Sunday, January 15, 2012

Inside Investment Banking

Inside Investment Banking

If you want to break into investment banking but don’t have a degree from Harvard or an internship from Goldman Sachs, you should visit the website of Inside Investment Banking (IIB).

I find IIB interesting because it is created by 5 bulge bracket investment bankers whom all broke into investment banking in 2008/9 without Harvard or Goldman on their resumes. What made them successful was Preparation and Knowledge (as stated in their website). They spent 100s of hours of research so they knew more than any other candidates about writing resumes, answering banking interview questions, wining & dining bankers and basically how to game the IB recruiting system. And now you have the opportunity to get that same unfair advantage, since they’ve put together all of this knowledge in the IIB System.

Going through their website, you’ll be amazed that they’ll do almost anything to help you get a job in investment banking. Depends on your need, you can go a la carte to pick the services such as Top 50 Interview Q&As, Toughest Brainteasers, and the 6-in-1 Guide Pack is now on sale. Even more determined? You can join their membership and obtain all-round services and backup. I’ve contact them and obtained a discount of $100 if you decided to join their Premium Membership. Use discount code of ibankingresume when checking out. There is a 7-day refund guarantee.

If you decide not to buy anything, you should opt-in to access their Free 10-Part “Get into Investment Banking” Tutorial Series so that you will know more about how to land a job in investment banking than 90% of candidates.

Investment Banking Resumes - Inside Investment Banking

Monday, January 2, 2012

3 Ways to Improve Your Investment Banking Resume

Looking to land an investment banking job in the new year?  You need to polish your resume.  Here is an article from which will certainly help.

3 Ways to Improve Your Investment Banking Resume
Most resumes go through HR, and while you certainly want to make yours stand out quickly for an HR screener, distinguishing yourself quickly is even more important when you are in the investment banking hunt. That’s because it’s the bankers—not HR—who are usually reading the resumes, and bankers’ time is limited. Traditional wisdom says you have only 20-30 seconds to make an impression when HR reads your resume. You can cut that time in half for bankers!

Number 1, find a way to stand out.
A good school won’t do it, even if you went to Harvard (or better!) Let’s face it—half of the resumes in the pile are going to be from Harvard, and the other half are going to be from Princeton, Yale, Wharton, or Stanford. Instead, use your unique experience to stand out. Show how you did something special to work hard; show your ability to multi task—for example, if you started a company with multiple employees. The story gets even better if you managed a project across multiple states.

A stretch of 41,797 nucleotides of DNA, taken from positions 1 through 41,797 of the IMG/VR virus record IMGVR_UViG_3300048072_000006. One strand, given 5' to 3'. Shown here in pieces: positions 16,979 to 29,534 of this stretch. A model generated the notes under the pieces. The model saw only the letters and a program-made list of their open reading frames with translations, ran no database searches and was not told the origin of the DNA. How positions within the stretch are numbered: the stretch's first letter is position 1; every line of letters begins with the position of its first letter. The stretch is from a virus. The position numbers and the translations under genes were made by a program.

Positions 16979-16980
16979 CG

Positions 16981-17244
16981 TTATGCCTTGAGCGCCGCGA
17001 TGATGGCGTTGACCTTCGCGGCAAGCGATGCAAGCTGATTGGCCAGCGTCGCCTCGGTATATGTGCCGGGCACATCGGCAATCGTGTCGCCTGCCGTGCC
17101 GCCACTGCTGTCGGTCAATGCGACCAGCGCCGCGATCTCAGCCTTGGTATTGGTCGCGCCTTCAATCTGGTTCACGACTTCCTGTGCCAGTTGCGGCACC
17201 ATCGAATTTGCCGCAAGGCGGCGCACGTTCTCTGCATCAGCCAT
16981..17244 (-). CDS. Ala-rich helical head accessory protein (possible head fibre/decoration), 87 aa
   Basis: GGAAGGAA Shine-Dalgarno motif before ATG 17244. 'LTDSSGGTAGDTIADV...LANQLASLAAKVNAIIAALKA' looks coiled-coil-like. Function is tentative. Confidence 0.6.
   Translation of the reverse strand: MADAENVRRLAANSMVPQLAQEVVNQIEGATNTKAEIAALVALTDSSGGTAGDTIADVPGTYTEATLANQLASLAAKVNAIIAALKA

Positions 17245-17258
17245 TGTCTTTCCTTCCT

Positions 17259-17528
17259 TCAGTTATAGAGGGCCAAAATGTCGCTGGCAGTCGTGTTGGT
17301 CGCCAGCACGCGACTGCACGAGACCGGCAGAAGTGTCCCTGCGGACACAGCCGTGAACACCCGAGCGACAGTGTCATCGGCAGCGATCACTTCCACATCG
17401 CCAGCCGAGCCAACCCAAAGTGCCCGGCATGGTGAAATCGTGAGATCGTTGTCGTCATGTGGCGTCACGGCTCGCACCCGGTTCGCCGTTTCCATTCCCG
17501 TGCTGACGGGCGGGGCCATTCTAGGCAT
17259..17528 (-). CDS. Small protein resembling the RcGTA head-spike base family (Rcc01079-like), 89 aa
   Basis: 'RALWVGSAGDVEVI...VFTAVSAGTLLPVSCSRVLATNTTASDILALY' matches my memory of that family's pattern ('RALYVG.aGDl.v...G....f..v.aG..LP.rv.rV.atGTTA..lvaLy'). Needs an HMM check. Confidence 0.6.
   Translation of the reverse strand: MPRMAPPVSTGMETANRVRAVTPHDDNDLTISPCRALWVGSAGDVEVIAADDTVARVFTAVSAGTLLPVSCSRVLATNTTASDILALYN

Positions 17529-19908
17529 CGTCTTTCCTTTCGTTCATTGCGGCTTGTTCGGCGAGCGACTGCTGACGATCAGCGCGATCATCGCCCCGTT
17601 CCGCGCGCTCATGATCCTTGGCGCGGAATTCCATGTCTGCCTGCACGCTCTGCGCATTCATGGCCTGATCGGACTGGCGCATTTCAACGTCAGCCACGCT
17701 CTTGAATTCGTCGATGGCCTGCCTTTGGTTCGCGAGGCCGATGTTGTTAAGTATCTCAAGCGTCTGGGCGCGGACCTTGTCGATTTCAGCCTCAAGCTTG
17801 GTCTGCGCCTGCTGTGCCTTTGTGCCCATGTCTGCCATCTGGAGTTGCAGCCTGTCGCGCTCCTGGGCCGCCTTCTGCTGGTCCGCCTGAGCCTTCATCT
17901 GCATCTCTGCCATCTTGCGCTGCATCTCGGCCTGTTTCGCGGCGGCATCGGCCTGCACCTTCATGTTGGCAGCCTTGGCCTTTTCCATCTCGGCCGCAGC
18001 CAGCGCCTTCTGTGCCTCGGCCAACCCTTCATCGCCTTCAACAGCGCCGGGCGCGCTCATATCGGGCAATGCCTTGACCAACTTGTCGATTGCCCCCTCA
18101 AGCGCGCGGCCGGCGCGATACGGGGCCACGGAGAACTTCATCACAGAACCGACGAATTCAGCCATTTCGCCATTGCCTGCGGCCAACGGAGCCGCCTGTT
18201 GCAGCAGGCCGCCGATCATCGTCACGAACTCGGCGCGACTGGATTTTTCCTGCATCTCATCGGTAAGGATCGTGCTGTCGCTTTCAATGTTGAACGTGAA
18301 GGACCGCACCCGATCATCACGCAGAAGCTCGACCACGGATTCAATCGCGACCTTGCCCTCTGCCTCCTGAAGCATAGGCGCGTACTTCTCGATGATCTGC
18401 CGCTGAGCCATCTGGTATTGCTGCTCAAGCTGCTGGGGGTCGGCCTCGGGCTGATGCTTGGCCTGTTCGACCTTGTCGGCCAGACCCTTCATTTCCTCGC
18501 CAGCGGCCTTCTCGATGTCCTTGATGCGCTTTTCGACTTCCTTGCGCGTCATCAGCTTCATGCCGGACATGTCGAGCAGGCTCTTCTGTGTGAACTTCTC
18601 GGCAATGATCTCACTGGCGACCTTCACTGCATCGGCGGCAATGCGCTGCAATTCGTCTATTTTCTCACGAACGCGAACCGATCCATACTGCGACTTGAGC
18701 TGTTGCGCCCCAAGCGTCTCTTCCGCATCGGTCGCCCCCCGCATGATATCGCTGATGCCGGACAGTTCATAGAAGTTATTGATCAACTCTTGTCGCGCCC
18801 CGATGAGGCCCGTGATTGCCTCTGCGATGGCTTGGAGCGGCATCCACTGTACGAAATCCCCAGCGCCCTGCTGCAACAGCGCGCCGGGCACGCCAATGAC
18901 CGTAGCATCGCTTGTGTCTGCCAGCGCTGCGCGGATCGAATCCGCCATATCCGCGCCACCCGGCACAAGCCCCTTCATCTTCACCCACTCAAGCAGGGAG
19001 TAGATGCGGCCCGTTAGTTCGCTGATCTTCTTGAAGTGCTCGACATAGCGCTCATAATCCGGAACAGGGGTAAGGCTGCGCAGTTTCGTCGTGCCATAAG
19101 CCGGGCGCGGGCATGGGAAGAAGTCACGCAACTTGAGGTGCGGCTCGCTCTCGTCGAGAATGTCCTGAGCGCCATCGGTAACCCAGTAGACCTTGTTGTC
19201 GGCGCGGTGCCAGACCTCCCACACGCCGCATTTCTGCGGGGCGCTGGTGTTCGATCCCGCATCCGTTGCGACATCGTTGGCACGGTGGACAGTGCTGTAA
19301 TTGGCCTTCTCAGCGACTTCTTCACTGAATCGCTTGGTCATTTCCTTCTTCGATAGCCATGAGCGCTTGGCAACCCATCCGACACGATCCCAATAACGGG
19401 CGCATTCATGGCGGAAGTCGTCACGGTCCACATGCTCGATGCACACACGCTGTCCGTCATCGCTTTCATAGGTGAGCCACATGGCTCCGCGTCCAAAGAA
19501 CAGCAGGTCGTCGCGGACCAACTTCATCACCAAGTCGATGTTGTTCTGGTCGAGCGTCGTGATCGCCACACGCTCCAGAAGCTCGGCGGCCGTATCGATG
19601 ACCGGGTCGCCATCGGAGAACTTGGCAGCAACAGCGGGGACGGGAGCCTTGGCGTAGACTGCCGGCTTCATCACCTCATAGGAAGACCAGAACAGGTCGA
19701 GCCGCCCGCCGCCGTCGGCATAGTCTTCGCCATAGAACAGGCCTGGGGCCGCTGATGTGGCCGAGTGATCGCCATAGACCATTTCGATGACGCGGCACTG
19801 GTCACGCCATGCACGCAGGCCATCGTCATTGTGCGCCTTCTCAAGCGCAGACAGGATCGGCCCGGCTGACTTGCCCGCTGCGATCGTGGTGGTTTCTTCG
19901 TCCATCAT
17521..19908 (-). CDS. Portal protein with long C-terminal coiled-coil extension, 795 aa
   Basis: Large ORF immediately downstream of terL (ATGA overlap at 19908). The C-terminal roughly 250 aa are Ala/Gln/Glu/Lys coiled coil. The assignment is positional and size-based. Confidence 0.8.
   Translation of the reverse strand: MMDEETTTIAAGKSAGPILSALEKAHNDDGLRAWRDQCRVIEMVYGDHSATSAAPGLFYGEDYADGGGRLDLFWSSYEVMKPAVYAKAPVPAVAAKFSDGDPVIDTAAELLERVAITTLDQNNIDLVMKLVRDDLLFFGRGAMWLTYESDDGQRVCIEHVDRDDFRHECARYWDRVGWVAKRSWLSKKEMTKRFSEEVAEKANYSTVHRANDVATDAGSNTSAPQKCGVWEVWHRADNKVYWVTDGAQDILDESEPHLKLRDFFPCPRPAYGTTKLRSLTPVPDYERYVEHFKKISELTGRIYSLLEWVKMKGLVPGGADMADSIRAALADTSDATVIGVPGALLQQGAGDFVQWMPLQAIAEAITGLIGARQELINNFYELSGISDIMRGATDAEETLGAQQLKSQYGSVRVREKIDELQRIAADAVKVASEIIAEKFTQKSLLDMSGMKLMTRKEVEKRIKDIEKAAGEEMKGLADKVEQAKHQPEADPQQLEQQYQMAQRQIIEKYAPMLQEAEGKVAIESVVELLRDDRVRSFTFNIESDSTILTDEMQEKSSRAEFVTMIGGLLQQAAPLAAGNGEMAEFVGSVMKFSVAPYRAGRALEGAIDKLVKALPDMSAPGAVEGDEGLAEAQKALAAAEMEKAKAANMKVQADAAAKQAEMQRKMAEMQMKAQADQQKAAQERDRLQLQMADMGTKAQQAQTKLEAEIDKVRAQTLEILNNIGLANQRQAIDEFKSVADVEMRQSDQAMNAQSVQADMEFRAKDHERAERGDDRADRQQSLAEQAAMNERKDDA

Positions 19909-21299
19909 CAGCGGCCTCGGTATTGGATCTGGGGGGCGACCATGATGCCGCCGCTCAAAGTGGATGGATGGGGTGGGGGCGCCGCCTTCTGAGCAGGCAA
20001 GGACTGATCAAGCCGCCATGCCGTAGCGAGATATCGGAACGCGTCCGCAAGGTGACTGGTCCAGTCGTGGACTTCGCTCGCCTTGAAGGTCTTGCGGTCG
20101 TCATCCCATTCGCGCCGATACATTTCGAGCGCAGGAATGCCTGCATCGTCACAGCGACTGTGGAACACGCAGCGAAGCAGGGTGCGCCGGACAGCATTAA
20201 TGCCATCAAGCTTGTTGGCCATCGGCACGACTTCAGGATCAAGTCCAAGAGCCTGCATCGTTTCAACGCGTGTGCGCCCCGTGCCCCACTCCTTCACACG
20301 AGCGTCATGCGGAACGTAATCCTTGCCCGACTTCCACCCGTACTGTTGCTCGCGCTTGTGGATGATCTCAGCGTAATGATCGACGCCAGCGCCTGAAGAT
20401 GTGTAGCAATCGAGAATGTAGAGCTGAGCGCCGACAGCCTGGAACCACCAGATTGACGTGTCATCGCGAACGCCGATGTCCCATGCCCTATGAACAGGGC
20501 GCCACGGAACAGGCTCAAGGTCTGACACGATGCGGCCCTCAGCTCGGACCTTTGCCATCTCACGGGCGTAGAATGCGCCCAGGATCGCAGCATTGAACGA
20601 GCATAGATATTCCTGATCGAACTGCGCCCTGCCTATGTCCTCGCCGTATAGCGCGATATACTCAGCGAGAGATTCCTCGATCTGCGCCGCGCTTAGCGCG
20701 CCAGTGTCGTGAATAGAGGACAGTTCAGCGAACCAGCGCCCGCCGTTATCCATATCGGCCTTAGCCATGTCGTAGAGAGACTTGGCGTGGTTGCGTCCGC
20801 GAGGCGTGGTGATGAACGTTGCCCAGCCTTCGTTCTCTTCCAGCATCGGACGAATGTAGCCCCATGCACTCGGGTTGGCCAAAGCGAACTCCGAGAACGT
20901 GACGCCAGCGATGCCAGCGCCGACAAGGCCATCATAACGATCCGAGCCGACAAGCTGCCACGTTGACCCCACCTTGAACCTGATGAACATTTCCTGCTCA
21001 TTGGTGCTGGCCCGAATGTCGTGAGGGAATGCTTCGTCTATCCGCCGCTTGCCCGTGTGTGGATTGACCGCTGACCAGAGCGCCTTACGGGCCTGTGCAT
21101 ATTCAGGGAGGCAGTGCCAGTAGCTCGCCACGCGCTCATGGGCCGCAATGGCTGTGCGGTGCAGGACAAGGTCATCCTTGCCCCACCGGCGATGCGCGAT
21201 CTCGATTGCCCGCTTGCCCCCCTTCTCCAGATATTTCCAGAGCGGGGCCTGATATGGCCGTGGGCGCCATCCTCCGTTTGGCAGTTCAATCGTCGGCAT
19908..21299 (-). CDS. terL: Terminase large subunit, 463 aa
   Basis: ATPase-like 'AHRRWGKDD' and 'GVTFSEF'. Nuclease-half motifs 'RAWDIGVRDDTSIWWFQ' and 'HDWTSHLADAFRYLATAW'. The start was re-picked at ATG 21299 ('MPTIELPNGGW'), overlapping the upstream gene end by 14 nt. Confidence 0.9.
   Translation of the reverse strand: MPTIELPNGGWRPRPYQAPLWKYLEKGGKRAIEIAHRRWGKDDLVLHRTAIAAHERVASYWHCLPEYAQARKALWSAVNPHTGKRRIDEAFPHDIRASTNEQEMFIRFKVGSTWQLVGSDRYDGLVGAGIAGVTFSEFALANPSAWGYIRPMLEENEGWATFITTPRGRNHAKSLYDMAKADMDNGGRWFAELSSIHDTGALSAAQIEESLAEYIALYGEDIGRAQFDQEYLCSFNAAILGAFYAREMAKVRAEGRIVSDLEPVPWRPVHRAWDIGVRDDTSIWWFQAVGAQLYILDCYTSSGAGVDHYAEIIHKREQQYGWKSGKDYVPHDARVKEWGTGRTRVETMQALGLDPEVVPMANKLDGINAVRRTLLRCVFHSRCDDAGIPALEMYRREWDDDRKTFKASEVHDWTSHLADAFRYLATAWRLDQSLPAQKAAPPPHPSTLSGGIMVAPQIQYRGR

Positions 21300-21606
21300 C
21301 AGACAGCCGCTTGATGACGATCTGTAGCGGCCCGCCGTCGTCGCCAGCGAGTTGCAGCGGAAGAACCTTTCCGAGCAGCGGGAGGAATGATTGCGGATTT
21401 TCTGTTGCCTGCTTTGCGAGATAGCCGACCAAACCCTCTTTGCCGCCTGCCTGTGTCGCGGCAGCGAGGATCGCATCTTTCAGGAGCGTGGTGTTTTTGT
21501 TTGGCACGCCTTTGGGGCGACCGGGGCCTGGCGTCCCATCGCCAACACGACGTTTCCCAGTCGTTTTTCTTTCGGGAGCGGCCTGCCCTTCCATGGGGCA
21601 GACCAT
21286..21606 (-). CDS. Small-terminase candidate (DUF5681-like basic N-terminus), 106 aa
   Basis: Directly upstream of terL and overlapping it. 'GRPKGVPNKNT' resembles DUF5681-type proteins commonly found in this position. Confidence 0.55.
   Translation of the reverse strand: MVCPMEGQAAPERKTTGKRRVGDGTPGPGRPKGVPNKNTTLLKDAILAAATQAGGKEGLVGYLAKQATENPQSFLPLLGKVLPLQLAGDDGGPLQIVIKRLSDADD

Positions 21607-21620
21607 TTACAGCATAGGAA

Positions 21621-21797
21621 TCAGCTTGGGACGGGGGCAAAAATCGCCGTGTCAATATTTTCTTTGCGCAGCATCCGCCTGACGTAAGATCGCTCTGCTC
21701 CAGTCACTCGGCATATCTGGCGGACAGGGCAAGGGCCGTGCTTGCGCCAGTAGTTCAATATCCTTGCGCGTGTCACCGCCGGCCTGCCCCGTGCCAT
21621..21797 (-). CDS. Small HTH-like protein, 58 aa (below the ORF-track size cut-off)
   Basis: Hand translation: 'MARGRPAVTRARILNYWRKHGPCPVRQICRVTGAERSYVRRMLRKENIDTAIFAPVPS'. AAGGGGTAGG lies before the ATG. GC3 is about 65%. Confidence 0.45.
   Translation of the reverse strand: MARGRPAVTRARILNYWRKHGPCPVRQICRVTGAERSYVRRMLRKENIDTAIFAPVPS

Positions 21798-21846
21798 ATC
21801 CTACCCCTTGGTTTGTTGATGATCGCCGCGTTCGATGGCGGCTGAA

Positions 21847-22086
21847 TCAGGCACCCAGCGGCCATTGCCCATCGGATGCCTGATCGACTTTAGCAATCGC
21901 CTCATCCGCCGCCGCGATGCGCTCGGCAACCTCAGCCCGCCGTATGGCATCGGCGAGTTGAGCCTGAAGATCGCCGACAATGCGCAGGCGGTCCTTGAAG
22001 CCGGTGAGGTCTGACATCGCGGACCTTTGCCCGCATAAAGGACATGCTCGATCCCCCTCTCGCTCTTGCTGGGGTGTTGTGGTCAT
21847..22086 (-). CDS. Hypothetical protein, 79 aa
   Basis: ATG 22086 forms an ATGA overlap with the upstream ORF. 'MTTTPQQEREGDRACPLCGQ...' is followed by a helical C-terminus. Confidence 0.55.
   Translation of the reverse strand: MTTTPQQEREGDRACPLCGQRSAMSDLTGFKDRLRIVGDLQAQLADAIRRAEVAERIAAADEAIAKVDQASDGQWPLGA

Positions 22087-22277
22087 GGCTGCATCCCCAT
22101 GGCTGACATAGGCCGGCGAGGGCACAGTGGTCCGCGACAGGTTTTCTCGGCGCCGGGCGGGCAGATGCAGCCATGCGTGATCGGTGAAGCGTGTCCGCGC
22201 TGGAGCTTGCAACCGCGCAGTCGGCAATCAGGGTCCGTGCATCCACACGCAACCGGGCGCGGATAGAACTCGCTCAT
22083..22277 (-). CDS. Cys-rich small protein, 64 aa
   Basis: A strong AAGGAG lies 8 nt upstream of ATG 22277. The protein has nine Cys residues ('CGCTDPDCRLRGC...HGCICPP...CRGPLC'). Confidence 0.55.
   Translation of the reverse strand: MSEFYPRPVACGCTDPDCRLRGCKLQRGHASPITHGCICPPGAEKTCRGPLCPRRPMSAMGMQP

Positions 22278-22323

Number 2, show your knowledge of the industry.
Highlight industry knowledge and target those groups inside the bank. This has to be legitimate, however. You can’t say you worked at Blockbuster and claim to be a media expert. If you are going to claim to be a media expert, you need to have real industry knowledge—for example, you interned for a pharmaceutical company conducting research on new products in the pipeline.

Number 3, if you don’t have real work experience, highlight your relevant interests.
The key here is to make sure these interests are indeed relevant and not too fluffy. For example, you could highlight specific case studies that you worked on or talk about your investment portfolio. Using fluff here could hurt rather than help. For example, don’t say that you were treasurer of your fraternity or a cashier at Walmart so you are used to handling money. Don’t use anything that’s too much of a stretch, like working at your dad’s office, any fraternity position, any retail job or anything related to high school unless it is REALLY impressive.

And here’s something to think about. If you really don’t have any relevant work experience, start positioning yourself so that you can claim some. Advise others who know less than you. In other words, become a consultant of sorts—Amateur investing clubs, college business teams—who needs your words of wisdom?

Get yourself an internship, even an unpaid one. Call on local banks or brokerage houses. Offer to sweep the floors if you have to. In addition to having something to put on your resume, you might actually learn something!

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3 Ways to Improve Your Investment Banking Resume